Not unexpectedly, after all the activity of the first half of the album, the band takes a moment to breathe and let the excitement of the previous tracks mellow out and settle in our heads. That’s when our “palette cleanser,” track “Catcher in the Rye,” comes in with its bare bones composition—simply a guitar and voices as clear as a cool brook. It’s the shortest track on the album, but therein lay the brilliance. There’s no need to overextend a song for the sake of filling space. The simplicity of the track has a largeness to it that takes up the kind of room that belies how minimalist it is. This, of course, lends itself perfectly as an introduction to “Elephant,” another song from their first EP.
The album’s longest and most experimental track, “Elephant” begins in like fashion to the previous song, then surprises with multiple thematic transitions. We get the bareness of the voices and guitar, with the added throaty clang of a bell; then we gather momentum when the drums make their presence known. At the halfway mark, the song goes the way of “Into the Wild,” offering exceptional grandness and emotion. The third transition comes about five minutes and twenty seconds in. The striking of the bell reasserts itself, and the use of traditional Koran instruments gives the track an ominous rendering, then fades into something dreamlike and emotive. Ju-hwan’s coo is soft and pure, enveloped by the guitar and the harmonic warble of his bandmates until the song’s close.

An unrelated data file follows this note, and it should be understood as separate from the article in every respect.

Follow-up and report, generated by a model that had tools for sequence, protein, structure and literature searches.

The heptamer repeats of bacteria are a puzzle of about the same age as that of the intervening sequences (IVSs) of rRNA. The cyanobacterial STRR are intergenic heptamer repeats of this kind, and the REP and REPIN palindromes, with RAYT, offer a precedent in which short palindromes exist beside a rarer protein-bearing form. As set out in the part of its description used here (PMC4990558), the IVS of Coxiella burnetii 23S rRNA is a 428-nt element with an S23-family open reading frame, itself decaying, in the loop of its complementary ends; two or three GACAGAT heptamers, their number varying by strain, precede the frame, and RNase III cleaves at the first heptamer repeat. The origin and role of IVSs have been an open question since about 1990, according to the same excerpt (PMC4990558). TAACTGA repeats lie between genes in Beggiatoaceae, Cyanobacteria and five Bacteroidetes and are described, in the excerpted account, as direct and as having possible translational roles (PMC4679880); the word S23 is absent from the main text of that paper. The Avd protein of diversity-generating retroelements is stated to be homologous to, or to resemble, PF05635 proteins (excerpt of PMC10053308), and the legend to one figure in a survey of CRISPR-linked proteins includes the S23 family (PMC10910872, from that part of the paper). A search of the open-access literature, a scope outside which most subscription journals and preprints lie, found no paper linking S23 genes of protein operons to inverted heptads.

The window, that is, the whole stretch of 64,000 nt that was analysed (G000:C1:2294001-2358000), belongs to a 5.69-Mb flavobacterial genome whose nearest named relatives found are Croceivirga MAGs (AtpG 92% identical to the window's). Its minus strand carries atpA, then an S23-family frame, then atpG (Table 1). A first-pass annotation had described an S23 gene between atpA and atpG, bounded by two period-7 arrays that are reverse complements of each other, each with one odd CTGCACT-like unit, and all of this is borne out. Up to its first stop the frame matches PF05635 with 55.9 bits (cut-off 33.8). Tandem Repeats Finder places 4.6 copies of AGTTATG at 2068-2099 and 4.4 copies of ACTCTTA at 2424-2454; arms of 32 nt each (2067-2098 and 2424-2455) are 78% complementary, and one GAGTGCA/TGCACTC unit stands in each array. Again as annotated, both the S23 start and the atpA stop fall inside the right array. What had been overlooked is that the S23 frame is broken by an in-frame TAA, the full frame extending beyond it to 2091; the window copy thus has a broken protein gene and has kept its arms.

“Nord” puts Ji-hae’s accordion front and center, giving us the weathered image of an old carnival—envision faded pastels and eager harlequins seeking to garner the patrons’ attention while they drift listlessly through the fairgrounds. Though it may seem a bit of an odd addition given its seemingly playful nature, following the masterpiece that was “Elephant,” it actually fits in terms of the band showcasing their scope and depth of composition.
We’re then catapulted into “Stargazer,” a track that seems to illustrate the excitement of experiencing the stars for the first time. It’s a celebration of both sound and theme, enlivening the melancholy of the previous track. The drums take center stage here, the sounds bold without being imposing. “Stargazer,” too, has a thematic transition about halfway through the track, becoming something of a pub stomp and chant. The song is inviting, to say the least, allowing the listener to become one with the spirit of the song. It then fades out at about four minutes, thirty seconds before bombarding our senses with a heavy guitar and pounding drum jubilee.
The most surprising track is the song that ends the album. “Bleak Season” is heavy, true heartache at its core. Though surprising, it’s certainly not unwelcome as a song. I’d question only its placement on the album, as it’s a strange note to leave lingering in the air for the listener. It’s almost as if this lamentation is a sorrowful farewell to all those who took a chance on the album. However, that doesn’t at all detract from its overwhelming beauty. As evidenced from the rest of the album, Ju-hwan’s voice is just pure beauty, a tinkling prettiness that’s powerful and forthright, never getting lost in the composition no matter how heavy or complex. “Bleak Season” illustrates that in almost harrowing fashion, the listener feeling the teardrop in his voice just as surely as they hear it.
Temper of Water is almost therapeutic in its softness. It’s gentle, like a sigh when a lover caresses your skin, or like the sky after a warm summer rain. It gives the listener a sense of ease that even at its grandest moments doesn’t intimidate or overly excite. It’s an understated piece of beauty, as if something you’d find in nature. Truly a lovely and elegant album.